May 27, 2017 / 1:07 PM / in 5 months

Australia's 'Ganja Queen' set to leave Bali

DENPASAR, Indonesia (Reuters) - Australian drug convict Schapelle Corby is set to be deported from the Indonesian island of Bali on Saturday night after completing a twelve-and-a-half-year sentence for smuggling marijuana, a case that strained ties between the neighbouring countries.

Australian drug convict Schapelle Corby (R) is escorted by police after reporting to a parole office before her expected deportation to Australia, in Denpasar, Bali, Indonesia May 27, 2017 in this photo taken by Antara Foto. Antara Foto/Nyoman Budhiana/via REUTERS

Corby has always maintained her innocence, saying she was unaware she was carrying more than 4 kg (8.8 lb) of marijuana in a boogie board bag when she arrived on the resort island in late 2004.

The case received huge media attention, with many Australians feeling the former beauty therapist had been harshly treated under Indonesia’s strict drug laws, even though Corby could have faced the death penalty for trafficking.

Adding to the drama and public interest, the court hearings were broadcast live and included emotional outbursts from Corby and her family when she received a 20-year sentence.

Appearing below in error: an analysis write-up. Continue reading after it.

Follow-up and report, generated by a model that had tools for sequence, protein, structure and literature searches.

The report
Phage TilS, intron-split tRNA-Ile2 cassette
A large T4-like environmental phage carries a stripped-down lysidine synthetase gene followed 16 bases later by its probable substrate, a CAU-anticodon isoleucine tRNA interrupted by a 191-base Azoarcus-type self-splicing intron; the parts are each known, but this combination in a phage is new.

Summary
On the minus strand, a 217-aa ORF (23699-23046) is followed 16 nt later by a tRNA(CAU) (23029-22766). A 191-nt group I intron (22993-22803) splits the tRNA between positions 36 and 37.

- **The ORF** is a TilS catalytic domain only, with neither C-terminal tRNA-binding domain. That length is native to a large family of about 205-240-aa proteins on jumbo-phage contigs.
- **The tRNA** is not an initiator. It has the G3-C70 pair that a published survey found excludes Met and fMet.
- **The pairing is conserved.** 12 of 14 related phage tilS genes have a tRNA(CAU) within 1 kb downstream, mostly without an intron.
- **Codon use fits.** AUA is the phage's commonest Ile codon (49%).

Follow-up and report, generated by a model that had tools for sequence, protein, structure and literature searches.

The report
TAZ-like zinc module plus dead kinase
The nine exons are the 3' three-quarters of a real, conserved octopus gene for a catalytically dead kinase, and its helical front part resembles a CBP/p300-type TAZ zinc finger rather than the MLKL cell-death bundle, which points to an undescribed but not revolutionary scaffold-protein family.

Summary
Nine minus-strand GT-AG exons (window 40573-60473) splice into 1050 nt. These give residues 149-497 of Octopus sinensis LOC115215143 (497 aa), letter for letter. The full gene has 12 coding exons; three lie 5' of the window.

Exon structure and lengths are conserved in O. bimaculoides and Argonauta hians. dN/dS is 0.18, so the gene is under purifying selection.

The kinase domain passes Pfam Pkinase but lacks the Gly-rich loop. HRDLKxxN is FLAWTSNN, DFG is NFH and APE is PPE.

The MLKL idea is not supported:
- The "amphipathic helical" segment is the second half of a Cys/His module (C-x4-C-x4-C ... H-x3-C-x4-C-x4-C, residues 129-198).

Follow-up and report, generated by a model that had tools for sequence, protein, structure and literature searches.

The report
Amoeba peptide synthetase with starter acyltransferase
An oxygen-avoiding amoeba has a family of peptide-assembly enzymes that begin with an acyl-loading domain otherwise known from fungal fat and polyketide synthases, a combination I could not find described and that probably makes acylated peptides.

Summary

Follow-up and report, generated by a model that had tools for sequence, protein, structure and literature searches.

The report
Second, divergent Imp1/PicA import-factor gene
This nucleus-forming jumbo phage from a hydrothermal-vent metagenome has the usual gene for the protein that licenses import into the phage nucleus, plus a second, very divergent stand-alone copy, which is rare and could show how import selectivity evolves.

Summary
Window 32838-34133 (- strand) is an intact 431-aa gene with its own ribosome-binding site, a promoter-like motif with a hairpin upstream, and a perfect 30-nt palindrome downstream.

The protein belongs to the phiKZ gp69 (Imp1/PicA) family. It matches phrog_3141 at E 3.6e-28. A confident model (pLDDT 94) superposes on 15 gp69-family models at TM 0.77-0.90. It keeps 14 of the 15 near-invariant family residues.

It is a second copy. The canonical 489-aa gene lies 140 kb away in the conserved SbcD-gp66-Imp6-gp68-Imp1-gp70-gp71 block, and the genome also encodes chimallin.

“Australians became so besotted with the case,” said Janine Hosking, who made the documentary “Ganja Queen” about Corby’s case. “She doesn’t look like how we would imagine a drug trafficker to look; she looks like the girl next door.”

Australian drug convict Schapelle Corby (R) is escorted by police after reporting to a parole office before her expected deportation to Australia, in Denpasar, Bali, Indonesia May 27, 2017 in this photo taken by Antara Foto. Antara Foto/Nyoman Budhiana/via REUTERS

“People will speculate forever on this case,” Hosking told Reuters previously, adding that the media attention had worked against her even if it made her a star.

Corby’s sentence was later cut after a request for clemency to then president Susilo Bambang Yudhoyono and she was released on parole in 2014.

Under her parole conditions, Corby had to keep in close contact with correctional officers while living at the Bali home of her sister Mercedes, trying to stay out of the public eye as the media tracked her every move.

According to the head of the parole office, Surung Pasaribu, Corby had been fearful of the constant media coverage, and he said the Australian government had asked his office to ensure her safety ahead of her departure to Brisbane on Saturday night.

“All that’s left is to sign some letters,” Pasaribu said, after which she will be handed over to immigration officials at Bali’s Ngurah Rai airport. “Today, Corby is free.”

In an Instagram post (@schapelle.corby) on Saturday, Corby told her more than 61 thousand followers, “Good bye to this parole paper work. Approching (sic) parole office for the last time.”

Writing by Fergus Jensen; Editing by Ed Davies and Toby Chopra

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